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caseymoviemania

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118 reviews in total 
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1 out of 4 people found the following review useful:
Casey's Movie Mania: AUGUST: OSAGE COUNTY (2013), 8 January 2014
7/10

This profanity-filled family melodrama may have been stretched into overkill, but the powerhouse acting ensemble and some worthwhile moments are irresistible enough to watch for.

WHAT IS IT ALL ABOUT?

Based on the successful 2007 Broadway play by Tracy Letts, AUGUST: OSAGE COUNTY begins with Weston patriarch Beverly (Sam Shepard) hires a Native American housekeeper named Johanna (Misty Upham) just before he goes missing. Following the incident, eldest daughter Barbara (Julia Roberts) heads back home along with her estranged husband Bill (Ewan McGregor) and their rebellious 14-year-old daughter Jean (Abigail Breslin) to look after her cancer-stricken mother Violet (Meryl Streep). Arriving home as well is middle daughter Ivy (Julianne Nicholson), Violet's sister Mattie Fae (Margo Martindale) and brother-in-law, Charlie (Chris Cooper), youngest daughter Karen (Juliette Lewis) and her handsome beau Steve (Dermot Mulroney), and finally, Charlie's quiet son, Little Charles (Benedict Cumberbatch). Then something happens: Beverly is found dead of an apparent suicide. Soon the Weston clan begins to reveal long-buried family secrets that goes nowhere but downhill.

THE GOOD STUFF

John Wells' direction is fairly efficient, while Tracy Letts' own adapted screenplay is reasonably sharp with snappy dialogue all around. No doubt he knows how to play around with words.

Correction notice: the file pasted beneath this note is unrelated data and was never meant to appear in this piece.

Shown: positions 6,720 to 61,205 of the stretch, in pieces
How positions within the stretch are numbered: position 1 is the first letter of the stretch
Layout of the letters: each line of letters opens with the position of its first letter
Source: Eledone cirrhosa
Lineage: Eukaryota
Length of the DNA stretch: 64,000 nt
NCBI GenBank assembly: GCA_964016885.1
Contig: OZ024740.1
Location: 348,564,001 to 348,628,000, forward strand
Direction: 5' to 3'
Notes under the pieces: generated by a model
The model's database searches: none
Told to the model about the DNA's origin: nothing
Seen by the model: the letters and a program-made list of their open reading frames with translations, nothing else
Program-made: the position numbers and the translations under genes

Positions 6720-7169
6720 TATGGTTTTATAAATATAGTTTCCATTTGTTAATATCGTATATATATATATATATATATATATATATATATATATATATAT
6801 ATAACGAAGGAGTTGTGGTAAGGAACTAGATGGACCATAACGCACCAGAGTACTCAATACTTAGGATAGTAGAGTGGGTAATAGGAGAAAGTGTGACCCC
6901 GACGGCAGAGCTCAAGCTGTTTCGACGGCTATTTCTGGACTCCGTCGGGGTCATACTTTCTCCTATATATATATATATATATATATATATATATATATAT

Acting-wise, this is where the movie shines the most: Meryl Streep, as usual, gives an excellent performance as Violet. The way she acts all angry and crazy due to her excessive medication is riveting to watch for. Speaking of riveting, Julia Roberts gives one of her finest dramatic performances since ERIN BROCKOVICH (2000) and CLOSER (2004). Here, she is simply electric and even more so when she engages in verbal abuses against Meryl Streep during some of the movie's key moments. The rest of the cast is equally captivating, with special mention goes to Julianne Nicholson's breakthrough performance as the quietly affecting Ivy.

MOST MEMORABLE MOMENT(S)

The heated family dinner scene which ends up Barbara loses her temper and strangles her mother, Violet. The other memorable scene is of course, the "eat your fish" moment between Barbara, Violet and Ivy. Here's that particular clip below for your "enjoyment":

MOST MEMORABLE QUOTE(S)

Barbara: I'm running things now!

Barbara: Eat your fish, b***h.

THE BAD STUFF

Some of the scenes are unnecessarily over-the-top, at which a little restraint would have been appreciated.

FINAL WORDS

It's far from great, but if there's one movie you love to see top-notch actors insulting and screaming against each other, you can't go wrong with AUGUST: OSAGE COUNTY.

http://www.caseymoviemania.blogspot.com

1 out of 2 people found the following review useful:
Casey's Movie Mania: American HUSTLE (2013), 2 January 2014
7/10

The acting ensemble is a joy to watch for, with a few lively sparks here and there in this entertaining but uneven crime drama.

In just a year after writer-director David O. Russell hits jackpot with his winning quirky comedy SILVER LININGS PLAYBOOK, he's back with the highly-anticipated American HUSTLE -- a movie which has already receiving tons of accolades from many critics and even hailed as one of the Oscar frontrunners come next year.

WHAT IS IT ALL ABOUT?